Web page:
Jeb Bush says New Hampshire voters "pushed the pause button" on anointing any candidate as the favorite to win the Republican nomination. Bush told reporters Wednesday after a campaign rally in Bluffton, S.C., that the New Hampshire primary had cancelled "the coronation after a third-place finish" — an apparent reference to GOP rival Marco Rubio, who slipped from third in the Iowa caucus to finishing fifth in New Hampshire. Bush finished fourth in New Hampshire's contest Tuesday night.

South Carolina Sen. Lindsey Graham is joining Bush on the campaign trail in his home state. Graham endorsed the former Florida governor last month after ending his own presidential bid. Graham introduced Bush to a crowd of about 300 people as "a guy who's been tested and will be ready on Day 1 to be commander-in-chief."

New Jersey Gov. Chris Christie is expected to drop out of the 2016 race for the White House after finishing sixth in the New Hampshire primary. That's according to a two people familiar with his plans, who spoke to The Associated Press on the condition of anonymity because they were not authorized to speak publicly.

Christie had banked his presidential prospects on a strong finish in the early-voting state, but finished behind most of his Republican rivals in Tuesday's election. It was the final blow for a candidate who spent more than 70 days campaigning in New Hampshire.

Chris Christie fundraiser Ken Langone isn't crying over the New Jersey governor's sixth-place finish in Tuesday's New Hampshire primary. The billionaire Home Depot co-founder says, "'yesterday was a great day for America, a fabulous day for America," though "it wasn't a great day" for conventional political candidates, including Christie.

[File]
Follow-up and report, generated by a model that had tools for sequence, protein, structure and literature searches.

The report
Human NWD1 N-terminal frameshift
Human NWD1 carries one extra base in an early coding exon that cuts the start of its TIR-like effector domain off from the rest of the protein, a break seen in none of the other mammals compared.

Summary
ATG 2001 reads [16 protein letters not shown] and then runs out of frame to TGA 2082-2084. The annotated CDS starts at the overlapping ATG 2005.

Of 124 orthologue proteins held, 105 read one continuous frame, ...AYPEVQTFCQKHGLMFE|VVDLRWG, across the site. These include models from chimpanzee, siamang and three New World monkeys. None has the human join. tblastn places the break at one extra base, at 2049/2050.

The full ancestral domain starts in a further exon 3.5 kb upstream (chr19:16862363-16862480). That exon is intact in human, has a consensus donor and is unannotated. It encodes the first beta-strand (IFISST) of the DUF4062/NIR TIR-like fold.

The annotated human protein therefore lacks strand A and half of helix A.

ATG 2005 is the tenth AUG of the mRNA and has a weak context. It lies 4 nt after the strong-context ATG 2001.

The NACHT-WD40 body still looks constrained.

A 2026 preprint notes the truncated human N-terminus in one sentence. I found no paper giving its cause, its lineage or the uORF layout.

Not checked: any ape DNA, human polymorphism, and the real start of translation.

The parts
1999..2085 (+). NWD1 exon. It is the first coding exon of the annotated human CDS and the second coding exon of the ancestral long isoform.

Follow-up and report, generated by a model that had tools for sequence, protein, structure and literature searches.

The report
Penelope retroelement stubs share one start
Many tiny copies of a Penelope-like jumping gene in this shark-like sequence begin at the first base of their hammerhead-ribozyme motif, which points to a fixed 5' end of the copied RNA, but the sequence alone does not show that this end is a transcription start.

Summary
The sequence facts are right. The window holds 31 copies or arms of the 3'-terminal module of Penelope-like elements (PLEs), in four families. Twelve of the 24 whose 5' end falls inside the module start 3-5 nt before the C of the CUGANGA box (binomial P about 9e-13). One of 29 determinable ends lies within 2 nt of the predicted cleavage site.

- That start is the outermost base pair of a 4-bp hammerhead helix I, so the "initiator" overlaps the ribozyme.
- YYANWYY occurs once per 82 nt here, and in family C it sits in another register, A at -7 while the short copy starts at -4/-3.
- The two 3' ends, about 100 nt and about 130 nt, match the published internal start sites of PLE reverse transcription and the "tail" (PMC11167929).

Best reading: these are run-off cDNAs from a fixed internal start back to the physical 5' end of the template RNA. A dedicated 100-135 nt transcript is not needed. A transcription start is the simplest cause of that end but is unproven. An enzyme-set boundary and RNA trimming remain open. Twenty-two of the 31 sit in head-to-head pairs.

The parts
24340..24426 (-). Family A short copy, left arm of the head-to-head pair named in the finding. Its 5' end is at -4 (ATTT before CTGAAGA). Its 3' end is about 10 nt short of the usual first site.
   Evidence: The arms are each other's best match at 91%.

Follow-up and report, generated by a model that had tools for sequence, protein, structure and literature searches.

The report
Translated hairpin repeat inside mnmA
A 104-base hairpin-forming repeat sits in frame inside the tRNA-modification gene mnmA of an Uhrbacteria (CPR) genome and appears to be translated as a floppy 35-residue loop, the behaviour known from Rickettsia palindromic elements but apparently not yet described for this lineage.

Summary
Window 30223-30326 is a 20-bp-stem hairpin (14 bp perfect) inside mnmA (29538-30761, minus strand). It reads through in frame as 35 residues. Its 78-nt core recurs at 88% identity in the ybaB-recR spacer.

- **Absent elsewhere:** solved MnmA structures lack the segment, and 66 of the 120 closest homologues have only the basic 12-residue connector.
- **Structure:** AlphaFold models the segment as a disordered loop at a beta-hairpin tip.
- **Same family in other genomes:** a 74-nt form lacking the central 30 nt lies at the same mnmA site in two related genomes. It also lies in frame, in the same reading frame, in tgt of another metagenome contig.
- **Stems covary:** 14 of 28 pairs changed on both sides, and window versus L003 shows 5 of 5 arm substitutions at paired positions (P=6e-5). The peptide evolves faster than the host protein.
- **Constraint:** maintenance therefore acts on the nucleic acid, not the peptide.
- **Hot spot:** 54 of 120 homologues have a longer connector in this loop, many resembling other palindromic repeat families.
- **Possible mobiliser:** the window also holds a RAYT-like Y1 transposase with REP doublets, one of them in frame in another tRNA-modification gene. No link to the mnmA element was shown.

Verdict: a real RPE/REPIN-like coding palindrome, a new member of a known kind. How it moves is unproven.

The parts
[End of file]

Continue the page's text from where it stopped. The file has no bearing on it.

He says, "the American people are effectively saying to both parties: We're sick and tired of the current situation."

Marco Rubio says his campaign is moving into a more aggressive phase after a disappointing finish in New Hampshire. He told reporters on the flight Wednesday from New Hampshire to next-up South Carolina that it was a mistake during Saturday's debate to revert to talking points instead of engaging with New Jersey Gov. Chris Christie. He says he won't start intra-party fights but will be more willing to respond when necessary.

He said: "We're going to have to point out the differences in our records in a sharper way," adding that his fifth place finish in New Hampshire means he doesn't have "the luxury any longer to basically say, 'Look, I don't want to argue with Republicans."'

Ted Cruz is going after Donald Trump again, this time in South Carolina over who is an authentic conservative on health care, abortion and more. The Texas senator, who came in first in Iowa and third in New Hampshire, said he's the only candidate in the crowded GOP nomination fight who will stand against abortion and defend gun rights. Cruz revived his criticism of Trump as a defender of President Barack Obama's health care law. Trump has called that a "lie." Cruz spoke in Myrtle Beach, S.C. as the race shifted to the next state to vote in the contest.